Ashley Ward, 26, was scheduled for an induction Thursday because she was two weeks past her due date. But around midnight, on the day of her induction, contractions started. So she headed over to the hospital with her sister, Lauren, 20. Ashley made it safely into the hospital, but as she headed up to the maternity ward, the elevator jammed. Only she, Lauren, and the porter Ian Ramsbottom were in the elevator.
Ian shoved the doors to the elevator opened, but it was no use – all he could see were walls. So, he used the elevator intercom to contact the hospital staff. In turn, the staff called the fire department. In the end, the fire personnel wouldn’t be needed, but the trio that entered the elevator would be accompanied by one more before the ride was over.
“I was in agony when we got in the lift, so I knew the baby wasn’t far off,” said Ashley. “Then the lift shuddered and stopped, but I didn’t realize we were stuck until the porter told us – I felt like we were in a film.”
Ashley’s contractions started to intensify while waiting for the elevator to return to working order, and before long, her water broke. Lauren managed to help Ashley to the floor and found, within moments, that the baby’s head was crowning. It had now become apparent that the baby had no intentions of waiting, so Ian and Lauren took instructions from midwives from the elevator. And so, as it seems, little Thomas came into the world between the first and second floor of the North Manchester General Hospital around 2a.m.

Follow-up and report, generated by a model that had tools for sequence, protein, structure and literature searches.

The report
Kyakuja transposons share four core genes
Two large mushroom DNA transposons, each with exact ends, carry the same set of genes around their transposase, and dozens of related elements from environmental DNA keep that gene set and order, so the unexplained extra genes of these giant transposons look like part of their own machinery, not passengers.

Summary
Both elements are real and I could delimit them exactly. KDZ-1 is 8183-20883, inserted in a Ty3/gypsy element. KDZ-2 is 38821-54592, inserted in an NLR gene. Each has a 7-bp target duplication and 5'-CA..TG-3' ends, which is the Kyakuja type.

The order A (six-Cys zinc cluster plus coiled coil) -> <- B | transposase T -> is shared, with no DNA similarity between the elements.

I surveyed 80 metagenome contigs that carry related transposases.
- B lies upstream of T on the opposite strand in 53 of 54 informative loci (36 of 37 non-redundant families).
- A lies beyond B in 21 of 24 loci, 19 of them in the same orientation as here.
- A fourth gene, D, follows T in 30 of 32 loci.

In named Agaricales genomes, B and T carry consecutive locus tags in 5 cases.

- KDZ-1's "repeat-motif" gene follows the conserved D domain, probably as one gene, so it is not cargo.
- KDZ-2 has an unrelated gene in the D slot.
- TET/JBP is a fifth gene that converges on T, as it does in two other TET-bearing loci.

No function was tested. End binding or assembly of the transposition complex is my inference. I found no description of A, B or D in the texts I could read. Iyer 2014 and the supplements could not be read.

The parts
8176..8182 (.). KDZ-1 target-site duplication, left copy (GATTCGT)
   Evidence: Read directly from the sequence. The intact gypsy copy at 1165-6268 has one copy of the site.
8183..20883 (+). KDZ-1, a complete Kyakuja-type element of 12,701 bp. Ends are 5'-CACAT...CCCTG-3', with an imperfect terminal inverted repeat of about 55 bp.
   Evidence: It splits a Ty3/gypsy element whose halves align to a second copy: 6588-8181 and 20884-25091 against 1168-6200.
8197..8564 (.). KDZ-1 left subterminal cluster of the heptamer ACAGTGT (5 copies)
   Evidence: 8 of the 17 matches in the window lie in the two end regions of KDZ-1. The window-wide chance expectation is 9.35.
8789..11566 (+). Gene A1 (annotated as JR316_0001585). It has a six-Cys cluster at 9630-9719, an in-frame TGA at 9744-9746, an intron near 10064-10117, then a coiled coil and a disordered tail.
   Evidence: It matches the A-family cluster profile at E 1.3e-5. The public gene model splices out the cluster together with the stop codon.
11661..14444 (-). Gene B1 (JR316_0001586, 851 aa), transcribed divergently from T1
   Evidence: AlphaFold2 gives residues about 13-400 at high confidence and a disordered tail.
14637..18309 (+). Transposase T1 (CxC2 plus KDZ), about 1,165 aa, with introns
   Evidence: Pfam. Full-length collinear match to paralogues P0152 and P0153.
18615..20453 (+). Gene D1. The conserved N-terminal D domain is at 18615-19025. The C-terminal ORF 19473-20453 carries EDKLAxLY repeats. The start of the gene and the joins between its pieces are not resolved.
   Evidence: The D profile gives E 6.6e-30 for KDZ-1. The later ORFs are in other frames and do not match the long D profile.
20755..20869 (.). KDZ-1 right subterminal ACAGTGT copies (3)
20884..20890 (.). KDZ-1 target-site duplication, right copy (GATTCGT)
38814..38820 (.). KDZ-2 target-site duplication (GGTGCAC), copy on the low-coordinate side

“It was very painful, and I was so scared thinking what could go wrong, but it all happened very quickly. I just shut my eyes and pushed,” Ashley said.
Thomas didn’t breathe right away, so Lauren rubbed his back a few seconds. That prompted a cry from him. The hospital staff said this is fairly normal, but the few seconds were agonizing for the small delivery crew.
“They told me to rub him,” Lauren said. “I wasn’t breathing either, but I rubbed his back, his neck, his legs, and although it seemed to take ages, a few seconds later, he started crying and we were all so relieved.”
The relief felt in that little elevator was also felt on the other end of the intercom.
“When he cried, I knew he was alright,” Ashley said. “There were 20 or so people waiting as we got pushed out of the lift and they were all cheering, but I was dazed and I just wanted to rest.”
The exit from the elevator happened thirty minutes after the lift became stuck. Mother and baby were met in the maternity ward, and both were given a clean bill of health. Little Thomas weighed in at 7lbs 10ozs. They are both now recovering at home, and Ashley couldn’t be more grateful for the safe delivery of her son and the heroes that helped deliver him.
“He is perfect, and everyone has been amazing,” Ashley said. “Lauren was very calm and the porter was brilliant trying to keep us calm.”
Ian says he’s worked at the hospital since 2010, and he’s never had an experience quite like this. To be a part of it, he says, was an experience that he’ll never forget.
“I am really pleased that I was able to help deliver baby Thomas,” Ian stated. “I would never have believed that I could have done that. This is an experience that I will never forget.”
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